CSE-IFC ring bell to promote women participation for inclusive economic growth

Friday, 8 March 2019 00:00 -     - {{hitsCtrl.values.hits}}

Marine biologist Dr. Asha De Vos rings the opening bell for trading in the Colombo Stock Exchange, accompanied by Global Compact Network Sri Lanka Director Rathika De Silva, FCA Chairman Ranel T Wijesinha, Australian High Commission in Sri Lanka Acting High Commissioner Jon Philip, UNGC Sri Lanka Chairman Dilhan C Fernando, SLID CEO Chaminda de Silva , CSE Chairman Ray Abeywardane, IFC Country Manager Amen Arif and NTB CEO Renuka Fernando during the Ring the Bell for Gender Equality event marking International Women's Day in Sri Lanka at Colombo Stock Exchange recently - Pic by Chamila Karunarathne  

By Charumini de Silva

The International Finance Corporation (IFC), a member of the World Bank Group, partnered with the Colombo Stock Exchange (CSE) for the fourth consecutive year to ring the opening bell for trading to celebrate International Women’s Day 2019 —a partnership which highlights how the private sector can spur women’s participation in the global economy to promote sustainable and inclusive development.

CSE Chairman Ray Abeywardane
IFC Country Manger For Sri Lanka Amena Arif
Acting Austarlia High Commissioner Sri Lanka John Philip
SLID Chairman Preethi Jayawardena
Global Compact Network Sri Lanka Director Rathika De Silva

Delivering the opening remarks CSE Chairman Ray Abeywardena stressed that the CSE was fully committed for equal opportunities, adding that they were looking at strengthening the women participation at board level.

“About 10% or above of the board representation of the listed entities are women, and think that is a good area to focus on to improve. I believe that there are efforts being made in that direction as well,” he said.

Abeywardena also noted that the team at CSE walk the talk in terms of gender equality. “Statistics of the employment says that 40% of our staff and 45% of the senior management are ladies. I am pleased and appreciate the culture in which the CSE function over a long period of time. Gender equality has been widely practiced in this institution,” he added. IFC Country Manager for Sri Lanka and Maldives Amena Arif said as business leaders, entrepreneurs, employees and consumers, women are fundamental to inclusive growth.

“We view the latest statistics on Women on Boards in Sri Lanka as an important catalyst for fresh commitments to diversity at the top and revitalised conversations about harnessing the economic potential of more gender-balanced boards in the country.”

A recent research by IFC and CSE indicates that about 8.5% of listed company board directors in Sri Lanka are women – a marginal increase from that of 8.14% last year. “We view the latest statistics on Women on Boards in Sri Lanka as an important catalyst for fresh commitments to diversity at the top and revitalised conversations about harnessing the economic potential of more gender-balanced boards in the country,” Arif said.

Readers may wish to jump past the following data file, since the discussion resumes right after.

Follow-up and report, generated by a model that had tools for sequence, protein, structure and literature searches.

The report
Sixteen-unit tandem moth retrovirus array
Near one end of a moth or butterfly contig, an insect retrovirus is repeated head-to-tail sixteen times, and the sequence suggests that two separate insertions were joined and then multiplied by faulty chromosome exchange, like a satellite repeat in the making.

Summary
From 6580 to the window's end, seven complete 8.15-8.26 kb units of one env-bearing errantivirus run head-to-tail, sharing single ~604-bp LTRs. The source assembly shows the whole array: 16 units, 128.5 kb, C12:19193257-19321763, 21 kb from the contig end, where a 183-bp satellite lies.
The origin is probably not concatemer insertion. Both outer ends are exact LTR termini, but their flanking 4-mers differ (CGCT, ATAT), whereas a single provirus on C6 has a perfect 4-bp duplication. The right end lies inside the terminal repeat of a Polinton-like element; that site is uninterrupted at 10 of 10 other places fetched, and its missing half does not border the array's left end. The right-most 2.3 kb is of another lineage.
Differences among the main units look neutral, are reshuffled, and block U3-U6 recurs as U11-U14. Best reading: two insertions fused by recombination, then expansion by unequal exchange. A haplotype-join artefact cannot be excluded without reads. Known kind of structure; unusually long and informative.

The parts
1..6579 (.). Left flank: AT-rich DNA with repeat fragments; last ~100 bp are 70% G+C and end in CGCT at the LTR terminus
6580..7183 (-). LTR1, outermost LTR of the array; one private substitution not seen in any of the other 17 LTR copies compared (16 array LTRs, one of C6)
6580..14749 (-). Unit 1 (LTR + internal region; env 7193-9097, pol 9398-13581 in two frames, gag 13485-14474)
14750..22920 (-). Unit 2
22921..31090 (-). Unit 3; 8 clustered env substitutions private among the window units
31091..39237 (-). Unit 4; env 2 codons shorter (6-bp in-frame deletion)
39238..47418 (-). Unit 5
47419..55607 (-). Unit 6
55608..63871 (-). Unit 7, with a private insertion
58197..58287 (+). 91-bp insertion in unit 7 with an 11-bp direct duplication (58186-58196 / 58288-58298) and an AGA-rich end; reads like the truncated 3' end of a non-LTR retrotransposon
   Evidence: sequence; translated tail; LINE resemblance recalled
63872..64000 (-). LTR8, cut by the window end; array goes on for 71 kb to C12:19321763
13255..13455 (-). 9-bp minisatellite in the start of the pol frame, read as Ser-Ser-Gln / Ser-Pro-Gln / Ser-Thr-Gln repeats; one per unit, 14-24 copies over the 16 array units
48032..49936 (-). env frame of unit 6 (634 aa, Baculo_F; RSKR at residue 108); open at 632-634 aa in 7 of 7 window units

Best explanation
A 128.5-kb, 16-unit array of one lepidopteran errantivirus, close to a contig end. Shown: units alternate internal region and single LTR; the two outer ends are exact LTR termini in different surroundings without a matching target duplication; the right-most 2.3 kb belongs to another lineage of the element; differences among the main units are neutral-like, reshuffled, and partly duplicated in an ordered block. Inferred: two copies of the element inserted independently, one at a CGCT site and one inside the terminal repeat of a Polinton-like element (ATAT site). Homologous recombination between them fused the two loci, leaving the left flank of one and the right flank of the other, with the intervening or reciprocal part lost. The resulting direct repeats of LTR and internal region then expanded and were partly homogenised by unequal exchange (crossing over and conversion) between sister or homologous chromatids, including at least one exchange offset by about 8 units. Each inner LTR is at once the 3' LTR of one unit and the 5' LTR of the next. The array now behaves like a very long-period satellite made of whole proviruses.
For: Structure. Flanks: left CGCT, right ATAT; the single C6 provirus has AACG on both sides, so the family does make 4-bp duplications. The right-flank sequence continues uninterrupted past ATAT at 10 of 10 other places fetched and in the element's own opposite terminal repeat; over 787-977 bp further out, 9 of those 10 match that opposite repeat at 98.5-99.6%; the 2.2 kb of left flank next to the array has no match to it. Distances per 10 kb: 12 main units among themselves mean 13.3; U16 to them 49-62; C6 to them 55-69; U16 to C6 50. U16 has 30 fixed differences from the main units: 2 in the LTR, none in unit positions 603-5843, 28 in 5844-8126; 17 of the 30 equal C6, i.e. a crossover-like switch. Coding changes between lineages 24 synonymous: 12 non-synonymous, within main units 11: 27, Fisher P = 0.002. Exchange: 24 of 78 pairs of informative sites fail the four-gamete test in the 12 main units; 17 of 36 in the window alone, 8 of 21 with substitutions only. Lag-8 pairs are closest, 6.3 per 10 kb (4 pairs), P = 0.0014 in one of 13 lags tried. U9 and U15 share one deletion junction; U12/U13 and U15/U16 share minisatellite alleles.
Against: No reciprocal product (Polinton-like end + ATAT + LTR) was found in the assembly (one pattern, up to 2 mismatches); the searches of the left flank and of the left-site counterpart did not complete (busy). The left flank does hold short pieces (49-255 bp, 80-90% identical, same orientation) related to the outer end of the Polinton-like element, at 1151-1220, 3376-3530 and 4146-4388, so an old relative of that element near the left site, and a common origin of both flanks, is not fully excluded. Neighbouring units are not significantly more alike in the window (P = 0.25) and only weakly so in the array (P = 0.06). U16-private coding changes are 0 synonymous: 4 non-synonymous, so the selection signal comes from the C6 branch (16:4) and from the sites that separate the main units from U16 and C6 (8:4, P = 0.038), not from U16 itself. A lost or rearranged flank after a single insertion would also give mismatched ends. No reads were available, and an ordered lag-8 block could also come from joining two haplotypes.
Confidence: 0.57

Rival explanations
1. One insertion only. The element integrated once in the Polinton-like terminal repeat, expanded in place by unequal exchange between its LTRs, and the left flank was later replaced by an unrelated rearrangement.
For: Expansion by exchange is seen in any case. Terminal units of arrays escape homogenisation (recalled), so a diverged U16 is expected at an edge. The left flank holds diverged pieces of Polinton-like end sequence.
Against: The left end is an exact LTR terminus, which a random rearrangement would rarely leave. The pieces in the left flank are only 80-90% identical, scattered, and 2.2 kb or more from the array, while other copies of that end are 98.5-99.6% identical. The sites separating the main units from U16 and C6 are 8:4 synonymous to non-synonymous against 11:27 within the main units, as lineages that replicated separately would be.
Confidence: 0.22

This year’s Ring the Bell event in Colombo also marked the release of the aforementioned report ‘The Case for Gender Diversity Among Sri Lanka’s Business Leadership’, as well as the second edition of the Women on Boards Directory, a crucial repository of 136 women directors on the boards of CSE-listed companies in 2018.

Empowering women in the workplace can also generate financial returns in the private sector, as IFC’s latest research reviewing the top 30 companies on the CSE highlights. Global research shows that companies with at least one female director have better share price performance and return on equity, and companies with more than one woman on the board return 3.7% a year over those that have none.

Acting Australian High Commissioner to Sri Lanka and the Maldives Jon Philp said achieving gender equality does not just benefit women, but it benefits everyone.

He said Australia has chosen to focus on women’s economic empowerment in the private sector because this is where they see greatest potential for impact.

“Our Women in Work partnership will create more and better private sector employment and business opportunities for women,” the Acting High Commissioner said.

Sri Lanka Institute of Directors (SLID) Chairman Preethi Jayawardena said that they strongly believe that gender equality is essential for a high-performing and talent-led organisations.

“We at SLDI believes that enabling the potential of women is central in ensuring sustainable and inclusive development both in business and in the community,” he added.

He outlined that over the years, SLID has been conducting programs with special focus given to women on boards to pave the way for women to embrace leadership roles in the corporate world and also to discuss the issues faced by women in leadership.

Jayawardena also noted that their consultants with the Securities and Exchange Commission (SEC) has been positive with their suggestion for progressive quotas for women on boards and has been included in Budget 2019 presented this week.

“This is an unprecedented move,” he said.

Global Compact Network Sri Lanka Director Rathika De Silva said Sri Lanka needs more women participation in all sectors of our economy.  

He believes gender equality and women empowerment will enable Sri Lanka to continue towards a sustainable development while setting high standards in these areas.

The ‘Women on Boards’ program is part of IFC’s broader efforts to increase women’s private sector participation and leadership by promoting the adoption of corporate governance best practices among Sri Lankan companies. IFC’s work in this area is supported by the Australian Government under an IFC-DFAT Women in Work partnership.

Pix by Chamila Karunaratne


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